Thus, for example, Edward's monument was raised on land bought from the Duke of Norfolk by the Lowther family, who as earls of Lonsdale came to wield enormous power in Cumbria for generations. (A 1777 history noted the remorseless increase of the Lonsdale estates, "from age to age purchasing, and never selling again"). The understandings it could generate in the time of James II and Victoria, or during the Napoleonic wars, have their own integrity. An aura of royal or strategic failure may not be the most immediate. But a return to this refractory terrain in the late 1990s suggests a distinct freight of meaning from Edward's day. It is in the protean nature of history and of modern Britain that it is unlikely to be the only one.
The image of England
The idea of the unification of Britain under southern leadership has deep roots. The 10th-century ruler Athelstan, as did later kings of Wessex, claimed authority also over "all the nations round about". The Anglocentric vision, evolving "an ideology of uniformity, unity and conquest" in the 12th century, achieved its flowering during Edward's long reign. His vigorous centralisation, wars of conquest, and pride in the native realm over the fetish for Europe, brought this prospect closer.
The many propagandists of the era "enshrined English nationalism in a confident doctrine", writes Geoffrey Elton. "This nationalism rested on a powerful streak of chauvinism - of hatred for all foreigners who, it was repeatedly asserted, were battening on the wealth and welfare of the English."' The drive to unity foundered, however. Wales and Ireland never lost their sense of difference, while invasions of Scotland generated over time the coherence among disparate forces necessary for successful resistance. The eventual integration of the island had to be accomplished under another banner, and was provisional even then.
The imposition from the south "of an alien political authority of an interventionist and exacting sort"; a powerful leader driven "by ambition and circumstance to attempt too much in too many places", but whose ineffectual successor faced far greater humiliation; the cult of sovereignty, renascent xenophobia, an expanding state, Celtic disaffection, the "sneer of cold command" - all these figures descended from the late 13th century are deeply familiar. Their toxic efficacy in the present, however, only emphasises how problematic the political conscription of the national past has become.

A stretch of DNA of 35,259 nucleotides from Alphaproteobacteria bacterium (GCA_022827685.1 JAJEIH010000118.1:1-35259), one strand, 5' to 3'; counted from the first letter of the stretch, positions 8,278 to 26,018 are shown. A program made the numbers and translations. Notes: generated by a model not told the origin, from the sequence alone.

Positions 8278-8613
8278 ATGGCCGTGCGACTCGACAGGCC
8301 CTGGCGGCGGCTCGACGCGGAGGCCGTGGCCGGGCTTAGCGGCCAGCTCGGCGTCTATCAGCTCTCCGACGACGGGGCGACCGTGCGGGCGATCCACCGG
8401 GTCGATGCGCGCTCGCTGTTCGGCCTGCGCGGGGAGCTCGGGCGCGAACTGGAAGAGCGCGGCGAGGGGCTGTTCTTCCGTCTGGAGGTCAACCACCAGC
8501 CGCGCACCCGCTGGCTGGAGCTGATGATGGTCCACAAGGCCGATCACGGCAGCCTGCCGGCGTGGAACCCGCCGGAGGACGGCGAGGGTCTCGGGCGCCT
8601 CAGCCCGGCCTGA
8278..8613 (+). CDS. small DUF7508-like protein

"Of our conceptions of the past, we make a future", wrote Thomas Hobbes. The image of England has been often recycled to suit contemporary needs. The confident liberalism of the mid-19th century, for which the constitutional settlement of 1688 was a touchstone, gave way to the age of empire and a rediscovery of Tudor autocracy and expansion: Englishness was pushed back a century.The modern problems of state in Britain also have a national dimension, and the historical self- understanding of the English is again at issue. The multiple meanings of both past and territory remain contested on the eve of the third millennium.
An England seeking a renewed sense of itself within, or out of, a loosening Britain cannot simply disown the periods of its largest reach. But just as British history did not begin in 1707, so that of England did not end. No nation lives outside of its own (and now world) history; to engage with this history means also to situate oneself in the present. The official ideologues who seek to promote what Rudyard Kipling revealingly called a "peptonised patriotism" know this well. The intoxicating triumphalism of the 1980s right was fuelled by such a narrowly instrumentalised version of the national (English-to-British) past. A timeless greatness and exceptionalism are its potent assumptions; for it, feminism or trade unionism or republicanism (and by extension their modem proponents) can only be deviations from, not integral parts of, the "national story". Margaret Thatcher's 1982 Cheltenham speech is the fountainhead of this vision: "The lesson of the Falklands is that Britain has not changed". History is frozen in the self-image of the powerful.
The exigencies of self-understanding thrown up by political transformation are also territorial. England ends at the Solway, yet this "bow-shaped headland" (indeed the entire Borders region) has little place in the imaginative geography of the nation. The white cliffs of Dover at the opposite comer of England carry an iconographic charge - as island fortress, beacon of home, site of nostalgic longing - independent of geology and history. The core symbols of nationhood - Stonehenge, Windsor, Stratford, the Cotswolds - are not only real places but cultural artefacts, keynotes in the composition of an intellectually satisfying and lucrative narrative of national identity.